When it comes to redoing a path, patio or driveway, concrete is the go-to material. Compared to other options, concrete is often the right balance of durability and cost-effectiveness. And modern products come in a variety of textures and colors to match almost any design. But are all concrete products created equal?
When choosing a concrete paving solution, many homeowners weigh the pros and cons between stamped concrete and concrete blocks like pavers and slabs. Since their base material is the same, both options have many similarities, but also have differences that make them better suited to certain kinds of projects, locations and designs.
Patterns and Designs
Concrete doesn’t have to be boring. If the first thing that comes to mind when you think of concrete is something flat and gray, you haven’t looked at modern concrete products.
Both stamped concrete and concrete pavers and slabs come in a wide variety of textures and colors. From granite to marble, and even worn lumber, there is a concrete finish available to match the desired look and feel of your project.
One of the advantages of stamped concrete is that it is prepared onsite. This means that the color can be adjusted right up to the moment it is poured. By comparison, pavers and slabs arrive onsite pre-cast and finished, so the color you see can’t be changed.
The downside to stamped concrete is that the final product needs to be cut with control joints to help control future cracking. The location of these joints is determined by the shape and orientation of the whole area, and so they may be cut in the middle of a pattern, disrupting the line. By comparison, the seams between individual blocks of pre-cast concrete are already part of their visual appeal.
Plus, pre-cast systems, like interlocking concrete pavers and concrete paving slabs, are inherently flexible, unlike stamped concrete. This flexibility is key to long-term performance in cold regions where concrete is susceptible to freeze-thaw conditions and region with expansive soils. Stamped concrete is a rigid pavement, so in freeze-thaw conditions and on expansive soils, it can’t move or flex, resulting in unsightly cracks and unevenness.
We recommend that you hire a professional to install either stamped concrete or pre-cast pavers and slabs. For stamped concrete, getting the mix of cement and water right is critical to a finished product that cures properly and doesn’t prematurely bubble or crack. For blocks, a professional will make sure the surface is properly compacted before the blocks are laid.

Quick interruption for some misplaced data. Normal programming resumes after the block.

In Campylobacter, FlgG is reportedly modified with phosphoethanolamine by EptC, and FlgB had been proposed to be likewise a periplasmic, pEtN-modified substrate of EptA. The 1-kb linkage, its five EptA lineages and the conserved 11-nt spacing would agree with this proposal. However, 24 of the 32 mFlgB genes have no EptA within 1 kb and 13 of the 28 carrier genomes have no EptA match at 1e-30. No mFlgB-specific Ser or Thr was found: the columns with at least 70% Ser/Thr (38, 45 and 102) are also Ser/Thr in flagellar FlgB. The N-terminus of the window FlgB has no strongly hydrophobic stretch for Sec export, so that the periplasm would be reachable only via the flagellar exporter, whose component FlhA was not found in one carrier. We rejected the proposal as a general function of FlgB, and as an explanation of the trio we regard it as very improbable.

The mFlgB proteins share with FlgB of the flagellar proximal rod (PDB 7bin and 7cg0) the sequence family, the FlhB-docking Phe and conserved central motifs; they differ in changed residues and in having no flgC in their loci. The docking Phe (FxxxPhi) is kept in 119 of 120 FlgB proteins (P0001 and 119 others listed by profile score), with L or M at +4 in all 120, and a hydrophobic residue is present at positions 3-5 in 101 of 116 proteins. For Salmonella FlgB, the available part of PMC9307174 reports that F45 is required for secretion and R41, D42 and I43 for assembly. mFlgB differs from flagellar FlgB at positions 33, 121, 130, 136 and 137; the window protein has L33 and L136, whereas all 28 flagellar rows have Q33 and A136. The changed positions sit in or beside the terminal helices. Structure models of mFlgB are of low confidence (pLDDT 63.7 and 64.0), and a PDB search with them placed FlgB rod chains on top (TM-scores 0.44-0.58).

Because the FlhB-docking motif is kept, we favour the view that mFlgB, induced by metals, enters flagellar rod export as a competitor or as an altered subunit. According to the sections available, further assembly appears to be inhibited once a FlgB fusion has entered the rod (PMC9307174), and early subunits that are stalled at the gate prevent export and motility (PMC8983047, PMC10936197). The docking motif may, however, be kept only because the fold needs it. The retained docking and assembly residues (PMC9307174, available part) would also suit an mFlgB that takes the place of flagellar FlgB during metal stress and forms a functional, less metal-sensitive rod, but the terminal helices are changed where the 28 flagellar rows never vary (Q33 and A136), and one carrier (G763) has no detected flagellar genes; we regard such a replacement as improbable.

Once stamped concrete is cured, you’ll need to have it sealed to protect it from weathering and foreign substances like pool chemicals or road salt, as well as to prevent fading. On the other hand, pavers and slabs are ready to go and don’t need sealing.
In terms of durability, this is where pavers and slabs stand out. Pre-cast pavers and slabs made by Techo-Bloc are nearly three times stronger than poured concrete, with a minimum compressive strength of 8,000 psi and a maximum of 5% water absorption.
This means stamped concrete requires more maintenance to keep it looking nice over the years. It needs to be sealed annually and, even so, the color will fade over time. By comparison, pavers and slabs don’t need more than an occasional sweep and keep their color as they age.
Stamped concrete also isn’t an ideal solution for weight-bearing locations. This is why most contractors suggest pre-cast pavers over stamped concrete for driveways since the weight of the vehicles could crack or break the stamped concrete over time.
This weight-bearing issue is also something to consider if you plan to place heavy objects like large planters on your patio or path. In this case, a pre-cast slab might be a better alternative as heavy objects aren’t a danger to interlocking paver and slab systems. Interlocking systems do an excellent job of handling and distributing the weight of both driving cars and parked cars (moving weight and static weight), while still maintaining strong, uniform flexibility. This ensures longer-term performance and value.
Finally, depending on where you’re located, you need to consider how the seasons will affect your concrete. In areas with heavy rains or cold winters, the ground is prone to heaving and expanding, which will accelerate cracking in stamped concrete. Pavers and slabs, with their regular seams between each piece, will withstand these forces better over the long term.
Plus, pre-cast pavers and slabs can be used to build permeable pavements, a benefit stamped concrete doesn’t offer. This means you don’t have to sacrifice style or your overall aesthetics to get the benefits of permeable pavements, which let water pass through them to avoid flooding or pools of water after a rain.
Repair and Replacement
If your stamped concrete gets stained or cracks enough that it needs to be repaired, it’s not a simple process. You’ll need to hire a contractor who will either patch the damaged area or cut it out—along with a bigger area around it to keep the finished work clean. Matching the existing concrete with the new patch or repair is tricky because the old area will have faded over time.
By comparison, in the unlikely event that one of your pavers or slabs crack, or if it gets stained and can’t be cleaned, replacement is as simple as removing the blocks in question and putting new ones in their place. If only one or two pieces need to be replaced, you might even be able to do it yourself. And because they don’t fade, color matching is much easier.
Ready to get started?
If you’re looking for inspiration for your next path, patio or driveway project, visit Techo-Bloc’s website to see the variety of pavers and slabs available. Whether you want the look of a classic travertine pool deck, or sleek modern pavers in a variety of sizes and colors, we have a product to inspire your design.